On Thursday of last week we obtained a $97,000 verdict for a client of ours in their difficult attempt to get paid on a long-outstanding invoice. This client performed an extensive and valuable service for a customer who had gotten himself in a very difficult personal and financial situation. The customer consistently created management problems for our client – which caused our client to have to deal (at times) with this particular client on a daily basis. Our client provided monthly invoices to the customer, and, for reasons associated with its concern for the client, let the invoices go somewhat unpaid until after our client had completed its obligations under the contract. Our client’s customer refused to pay the balance due under the contract, and our client made a large number of out-of-court attempts to get the balance paid. Longtime personal relationships were affected, and our client, in some large measure, was personally insulted that the customer would not pay as the customer was obligated to do. At trial, the customer claimed (for the first time) that he had problems with the invoices that were regularly generated by our client. He also refused to acknowledge that many of the extra charges that were contained on the invoices were created by his conduct during the course of the performance of the contract. In short, he just didn't want to pay the balance due – despite the fact that he was a rather wealthy man. After the verdict, his lawyer claimed that he was going to appeal the verdict of the jury.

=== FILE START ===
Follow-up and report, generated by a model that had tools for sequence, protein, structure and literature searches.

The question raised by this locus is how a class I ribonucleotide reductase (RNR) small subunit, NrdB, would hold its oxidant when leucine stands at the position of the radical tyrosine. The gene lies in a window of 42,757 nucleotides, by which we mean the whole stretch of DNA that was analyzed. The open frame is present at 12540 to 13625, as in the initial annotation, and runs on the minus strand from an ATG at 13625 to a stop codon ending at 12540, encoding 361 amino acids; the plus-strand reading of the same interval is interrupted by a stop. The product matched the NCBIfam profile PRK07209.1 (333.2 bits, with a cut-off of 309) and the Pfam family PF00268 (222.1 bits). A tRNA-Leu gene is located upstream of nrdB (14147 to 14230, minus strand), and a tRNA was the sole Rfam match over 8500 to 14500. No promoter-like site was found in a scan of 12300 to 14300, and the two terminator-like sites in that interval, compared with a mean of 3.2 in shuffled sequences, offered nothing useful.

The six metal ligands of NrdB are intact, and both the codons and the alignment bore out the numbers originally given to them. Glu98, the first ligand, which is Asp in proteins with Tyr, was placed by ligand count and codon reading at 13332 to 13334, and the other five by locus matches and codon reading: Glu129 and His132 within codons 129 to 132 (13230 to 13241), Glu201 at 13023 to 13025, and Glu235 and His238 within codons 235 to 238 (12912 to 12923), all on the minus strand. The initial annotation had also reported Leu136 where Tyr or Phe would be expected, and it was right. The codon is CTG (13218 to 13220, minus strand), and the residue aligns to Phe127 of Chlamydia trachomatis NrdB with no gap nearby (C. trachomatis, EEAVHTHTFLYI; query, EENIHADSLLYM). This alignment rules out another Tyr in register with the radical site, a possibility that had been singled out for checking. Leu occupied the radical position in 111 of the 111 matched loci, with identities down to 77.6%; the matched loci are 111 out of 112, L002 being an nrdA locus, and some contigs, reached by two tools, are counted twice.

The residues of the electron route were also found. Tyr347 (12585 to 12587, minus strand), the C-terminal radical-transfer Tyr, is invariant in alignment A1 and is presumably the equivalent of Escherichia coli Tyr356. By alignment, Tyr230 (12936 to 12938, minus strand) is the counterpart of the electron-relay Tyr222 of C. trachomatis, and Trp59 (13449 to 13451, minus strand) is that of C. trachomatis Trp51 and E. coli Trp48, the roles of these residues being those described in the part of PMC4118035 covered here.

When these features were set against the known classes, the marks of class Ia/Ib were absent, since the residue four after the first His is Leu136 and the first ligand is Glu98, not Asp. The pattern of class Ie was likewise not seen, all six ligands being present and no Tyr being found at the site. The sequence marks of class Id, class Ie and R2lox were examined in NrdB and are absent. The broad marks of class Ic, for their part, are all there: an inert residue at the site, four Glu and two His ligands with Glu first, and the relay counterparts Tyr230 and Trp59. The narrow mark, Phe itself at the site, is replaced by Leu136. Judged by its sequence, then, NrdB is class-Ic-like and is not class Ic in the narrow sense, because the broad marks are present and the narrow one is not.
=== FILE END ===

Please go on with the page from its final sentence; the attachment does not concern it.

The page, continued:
The verdict was both an economic and personal victory for the client. The defense in the case consisted of a bogus and personal attack on the integrity of our client’s work, so this verdict was in many ways equally about the client’s dignity as it was about the money.
This one felt good.